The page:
people are telling the biggest brands that they won't buy unsustainable or unjust tuna. Can you sign too?

Just Tuna video

Posted by Greenpeace UK on Thursday, 8 October 2015

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  • Tuna league table
  • Caught in the net

The League Table

Which tuna brands are worst for people, planet and oceans?

See how we rank them here

  • Princes

    John West

    • They promised 100% sustainable tuna by 2016 - so far they've managed 2%. They show little intention to change.
    • John West's owners, Thai Union, have been linked to human rights abuses in their seafood supply chains
    • They must stop using unsustainable fishing methods that catch sharks, endangered turtles and other creatures
  • Princes


    • Score well for protecting local workers but very poor sustainability
    • They promised 100% sustainable tuna by the end of 2014. They’ve managed a measley 25%
    • Continue to use unsustainable methods to catch tuna, which also kill all kinds of other creatures in their nets
  • Lidl


    • Lidl’s tuna is not good for the oceans -– nearly 80% is caught using destructive fishing methods
    • They should commit to sourcing tuna using only sustainable fishing methods
    • On the positive, Lidl has good sea to shelf traceability
  • The Cooperative

    The Cooperative

    • Could be worse, should be better
    • Their tuna is 100% sustainably caught - which is great!
    • They must strengthen their policies to avoid illegally caught fish and the treatment of workers
  • Morrisons


    • 100% sustainably caught...but could do more to improve
    • Policies to avoid illegally caught tuna and overfished stocks should be formalised
    • Could do more to promote the most sustainable choices in stores
  • Asda


    • Improvements being made but could do better
    • Recently met their promise to source 100% tuna using sustainable fishing methods
    • Could do more to avoid overfished stocks
  • Aldi


    • Strong new entrant to the league table
    • Their own brand is 100% sustainably caught which minimises harm to the oceans
    • They say "sourcing fish in a responsible way is really important to us"
  • Tesco


    • Huge progress made all round since last league table
    • 100% pole- and- line caught tuna
    • Good traceability of tuna from sea to shelf and strong policies to avoid illegally caught fish
    • They say “we want to ensure that our customers can buy seafood that is both sustainable and affordable”
  • Sainsbury's


    • Top #JustTuna brand - other brands need to follow their lead
    • 100% pole-and-line caught tuna with strong sustainability policies
    • Tuna is sourced fairly meaning local workers and communities are protected
    • They say - “We hope further progress can be made within the sector to make our oceans safer for marine species”
  • Marks & Spencer

    Marks & Spencer

    • Top #JustTuna brand - other companies should follow their lead.
    • 100% sustainably caught using pole-and-line method and strong sea to shelf traceability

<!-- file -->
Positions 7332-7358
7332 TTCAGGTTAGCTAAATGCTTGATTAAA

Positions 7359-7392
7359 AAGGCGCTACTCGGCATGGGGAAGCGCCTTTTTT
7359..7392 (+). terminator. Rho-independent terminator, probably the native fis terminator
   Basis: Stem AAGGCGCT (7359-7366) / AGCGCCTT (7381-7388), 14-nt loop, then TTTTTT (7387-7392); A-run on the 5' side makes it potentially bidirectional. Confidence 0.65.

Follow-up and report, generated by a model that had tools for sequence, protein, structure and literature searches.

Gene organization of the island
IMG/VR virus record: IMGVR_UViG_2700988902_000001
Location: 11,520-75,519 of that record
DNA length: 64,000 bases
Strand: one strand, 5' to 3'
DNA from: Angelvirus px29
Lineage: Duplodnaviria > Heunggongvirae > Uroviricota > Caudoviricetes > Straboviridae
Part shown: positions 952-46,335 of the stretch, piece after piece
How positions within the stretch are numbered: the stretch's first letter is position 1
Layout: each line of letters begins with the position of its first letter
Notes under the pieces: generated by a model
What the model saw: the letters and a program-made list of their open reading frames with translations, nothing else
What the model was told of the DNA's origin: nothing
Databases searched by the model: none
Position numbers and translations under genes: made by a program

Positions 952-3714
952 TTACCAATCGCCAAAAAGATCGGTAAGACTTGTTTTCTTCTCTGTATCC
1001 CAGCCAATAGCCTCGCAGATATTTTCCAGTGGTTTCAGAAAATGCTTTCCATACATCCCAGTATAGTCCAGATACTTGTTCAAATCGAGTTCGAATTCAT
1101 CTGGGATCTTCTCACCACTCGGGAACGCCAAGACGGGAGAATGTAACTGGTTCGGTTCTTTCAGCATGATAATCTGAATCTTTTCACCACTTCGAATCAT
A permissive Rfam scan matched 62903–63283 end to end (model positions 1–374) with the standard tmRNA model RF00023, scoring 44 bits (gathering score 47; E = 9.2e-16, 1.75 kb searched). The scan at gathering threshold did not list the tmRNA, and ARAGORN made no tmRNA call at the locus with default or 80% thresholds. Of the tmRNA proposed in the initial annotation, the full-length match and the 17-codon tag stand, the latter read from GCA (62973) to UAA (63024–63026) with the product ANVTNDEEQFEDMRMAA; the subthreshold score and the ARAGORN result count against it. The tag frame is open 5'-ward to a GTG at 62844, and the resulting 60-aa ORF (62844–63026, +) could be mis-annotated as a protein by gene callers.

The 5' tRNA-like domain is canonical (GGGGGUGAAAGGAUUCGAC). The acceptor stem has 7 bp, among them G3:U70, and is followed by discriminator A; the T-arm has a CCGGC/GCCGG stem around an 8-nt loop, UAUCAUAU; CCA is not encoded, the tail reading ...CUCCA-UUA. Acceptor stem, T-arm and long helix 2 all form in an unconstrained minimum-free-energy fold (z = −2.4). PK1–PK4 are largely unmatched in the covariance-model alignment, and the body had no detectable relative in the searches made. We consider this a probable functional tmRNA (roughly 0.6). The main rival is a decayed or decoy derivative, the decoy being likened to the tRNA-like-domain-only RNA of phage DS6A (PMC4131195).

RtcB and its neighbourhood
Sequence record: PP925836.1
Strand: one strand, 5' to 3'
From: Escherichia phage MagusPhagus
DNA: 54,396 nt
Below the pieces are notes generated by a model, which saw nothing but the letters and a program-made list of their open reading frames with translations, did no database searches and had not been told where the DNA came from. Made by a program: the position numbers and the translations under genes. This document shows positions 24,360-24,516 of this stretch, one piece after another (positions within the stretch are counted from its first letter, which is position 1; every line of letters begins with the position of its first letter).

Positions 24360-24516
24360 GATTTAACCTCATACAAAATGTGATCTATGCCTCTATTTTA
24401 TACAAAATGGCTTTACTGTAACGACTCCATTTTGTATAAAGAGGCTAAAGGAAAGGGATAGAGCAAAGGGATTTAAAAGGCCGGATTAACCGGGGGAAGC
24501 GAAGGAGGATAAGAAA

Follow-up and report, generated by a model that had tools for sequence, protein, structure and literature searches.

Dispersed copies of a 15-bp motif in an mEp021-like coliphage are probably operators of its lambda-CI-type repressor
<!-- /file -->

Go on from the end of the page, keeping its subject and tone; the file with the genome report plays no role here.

• On sustainable tuna they say - “the future of the world’s fisheries depends on it”
  • Waitrose


    • A go to #JustTuna brand - other companies should follow their lead
    • Tuna is 100% sustainably caught and Waitrose is dedicated to ensuring it is fairly caught
    • They say “Sustainability is at the very heart of what we do”

Caught in the net

The oceans are full of beautiful creatures. Unfortunately due to destructive tuna fishing practices around the world, many other marine animals including endangered species are being needlessly and indiscriminately caught and killed in the process.

  • Fish

    There are many sorts of fish in the sea, in the open ocean fish like jacks, Mahi Mahi and rainbow runners are found in tropical seas and often hang around with schools of tuna. Many tropical fish have stunning colours and patterns, with rainbow runners being named for their colourful stripes.

  • Bill fish

    The billfish are stunning ocean predators that are most recognised by their sword-like noses. They are strong, and fast, with the spectacular sailfish taking the record as the fastest fish in the ocean, managing swimming speeds of over 60mph.

  • Small whales

    Although they are often overlooked and poorly understood, there are lots of species of small whales in the world’s oceans, often travelling in social groups, communicating closely, and feeding together on small fish or squid. Pilot whales are a particularly sociable species, with large family groups which stick closely together and look after each other when sick or injured.

  • Dolphins

    Playful dolphins are the most recognisable small members of the whale family, they often seek out boats and humans at sea, which makes them seem very friendly. Dolphin pods can range from just a few animals, to many thousands in a group. They range from just over a metre long to 4 metres or more in length.

  • Sharks

    Sharks are awesome, they come in all shapes and sizes, and have lived in our oceans since the time of the dinosaurs. Hammerhead sharks have 360 degree vision, thresher sharks use their long tail to stun prey, and blue sharks can give birth to over 100 live babies which are known as ‘pups.’ Commercial fishing causes 100 million shark deaths every year

  • Whale Sharks

    Whale sharks are gentle giants, the biggest fish in the sea, with an adult being roughly the same length as a double decker bus. These slow-growing, gentle filter-feeders eat tiny plankton, and are harmless to humans.